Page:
For three years, discussion of the Atlantic Coast Pipeline (ACP) has tended to focus on a small but vocal group that opposes the pipeline. I know these folks have spent hours protesting and making sure their voices have been heard. Discussion is an important part of the process, and I would like to add my comments to it.
The facts regarding this project seem to get lost in translation. As someone who has actually worked on these projects and seen the operations of existing pipelines, I have firsthand knowledge of how safe the construction and operations of these projects are.
I have decades of experience working on similar projects. I know they can and will be built and operated safely. I have trained hundreds of men and women in Virginia who have worked in the pipeline construction industry. I’ve witnessed personally the dedication, care and skill that goes into building a project like this. I’ve seen and experienced the intensive training and preparation that welders, pipefitters and other tradesmen have to go through to get their certifications to even appear on a job site of this nature. I’ve seen the careful inspection and oversight that takes place at every stage of construction to make sure the work is done properly.
I not only know these projects are safe because I’ve worked on them, but because in our communities, thousands of miles of pipelines already exist. They have not disturbed the environment, farms or water quality of any of these communities. These pipelines have been in the ground for decades, completely safe and practically unnoticeable.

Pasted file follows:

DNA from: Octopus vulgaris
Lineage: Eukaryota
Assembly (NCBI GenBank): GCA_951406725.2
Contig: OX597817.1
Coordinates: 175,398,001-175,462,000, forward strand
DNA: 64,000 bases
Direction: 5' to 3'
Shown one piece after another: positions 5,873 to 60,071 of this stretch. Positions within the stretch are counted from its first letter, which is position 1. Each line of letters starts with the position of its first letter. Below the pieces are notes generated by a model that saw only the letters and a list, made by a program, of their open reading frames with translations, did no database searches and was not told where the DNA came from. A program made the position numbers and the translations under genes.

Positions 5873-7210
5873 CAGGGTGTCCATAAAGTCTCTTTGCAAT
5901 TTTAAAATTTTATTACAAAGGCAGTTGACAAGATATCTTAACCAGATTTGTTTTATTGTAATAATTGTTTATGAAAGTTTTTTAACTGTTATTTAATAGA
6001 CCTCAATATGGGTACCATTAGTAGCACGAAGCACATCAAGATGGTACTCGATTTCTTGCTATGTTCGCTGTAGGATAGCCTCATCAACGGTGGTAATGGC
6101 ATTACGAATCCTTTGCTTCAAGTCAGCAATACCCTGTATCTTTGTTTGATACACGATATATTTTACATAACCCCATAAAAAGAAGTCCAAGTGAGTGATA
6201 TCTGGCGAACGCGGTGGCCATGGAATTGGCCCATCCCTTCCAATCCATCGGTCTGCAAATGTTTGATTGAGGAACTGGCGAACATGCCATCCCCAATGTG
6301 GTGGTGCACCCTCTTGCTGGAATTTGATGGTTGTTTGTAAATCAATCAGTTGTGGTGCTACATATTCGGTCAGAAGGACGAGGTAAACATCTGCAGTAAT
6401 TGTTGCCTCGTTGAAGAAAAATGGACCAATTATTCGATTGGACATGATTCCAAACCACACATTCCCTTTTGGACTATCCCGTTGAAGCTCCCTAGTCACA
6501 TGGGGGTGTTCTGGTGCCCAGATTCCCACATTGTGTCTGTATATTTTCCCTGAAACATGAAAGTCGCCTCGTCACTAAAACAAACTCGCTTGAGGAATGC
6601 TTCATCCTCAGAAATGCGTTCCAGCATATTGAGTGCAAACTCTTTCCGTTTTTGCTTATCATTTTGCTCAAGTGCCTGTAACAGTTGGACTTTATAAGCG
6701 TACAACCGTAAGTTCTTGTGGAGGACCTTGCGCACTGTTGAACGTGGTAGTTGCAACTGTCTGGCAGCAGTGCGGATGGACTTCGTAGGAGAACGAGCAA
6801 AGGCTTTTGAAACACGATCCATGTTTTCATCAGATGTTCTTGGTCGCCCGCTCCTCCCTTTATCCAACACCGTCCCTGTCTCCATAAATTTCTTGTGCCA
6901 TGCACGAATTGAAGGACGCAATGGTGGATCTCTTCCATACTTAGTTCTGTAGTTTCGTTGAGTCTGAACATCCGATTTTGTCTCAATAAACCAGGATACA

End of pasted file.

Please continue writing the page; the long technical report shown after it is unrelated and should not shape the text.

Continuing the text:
Recently at a local DEQ hearing I attended, I heard a person question the safety of pipelines in the rare instance of a sinkhole. I’m here to tell you with my years of knowledge in this industry, pipelines are engineered, designed and built with materials to withstand sinkhole formation without compromising pipe integrity or safety.
I’ve worked with Dominion before. Safety and environmental compliance are top priorities. ACP will have two environmental inspectors per construction spread on-site during construction, supervised by a construction supervisor at each spread with oversight by an Environmental Compliance Coordinator. These inspectors will monitor activities daily for possible environmental concerns and have the authority to stop work if they identify environmental compliance issues. In addition, the Federal Energy Regulatory Commission (FERC) will have one full-time inspector per spread. These folks have one job — making sure the job is done safely.
During this project thus far, Dominion Energy, landowners, environmental experts, federal agencies and community members have worked together to adjust and re-adjust the route more than 300 times to ensure the most responsible route was selected. Recently, FERC stated in its impact statement that the plans laid out for ACP will allow this project to be done safely with little impacts on the environment and water quality.
I am tremendously proud to support the Atlantic Coast Pipeline, and I’m excited by the prospect in helping to build it. To those concerned, please understand it is our job and our passion to build this pipeline safely, not just for your community and family, but for mine too.
DANNY WATSON is the business manager for International Brother of Boilermakers Local 45, representing members throughout the state, including Buckingham County and surrounding counties. He resides in Amelia. His email address is firstname.lastname@example.org.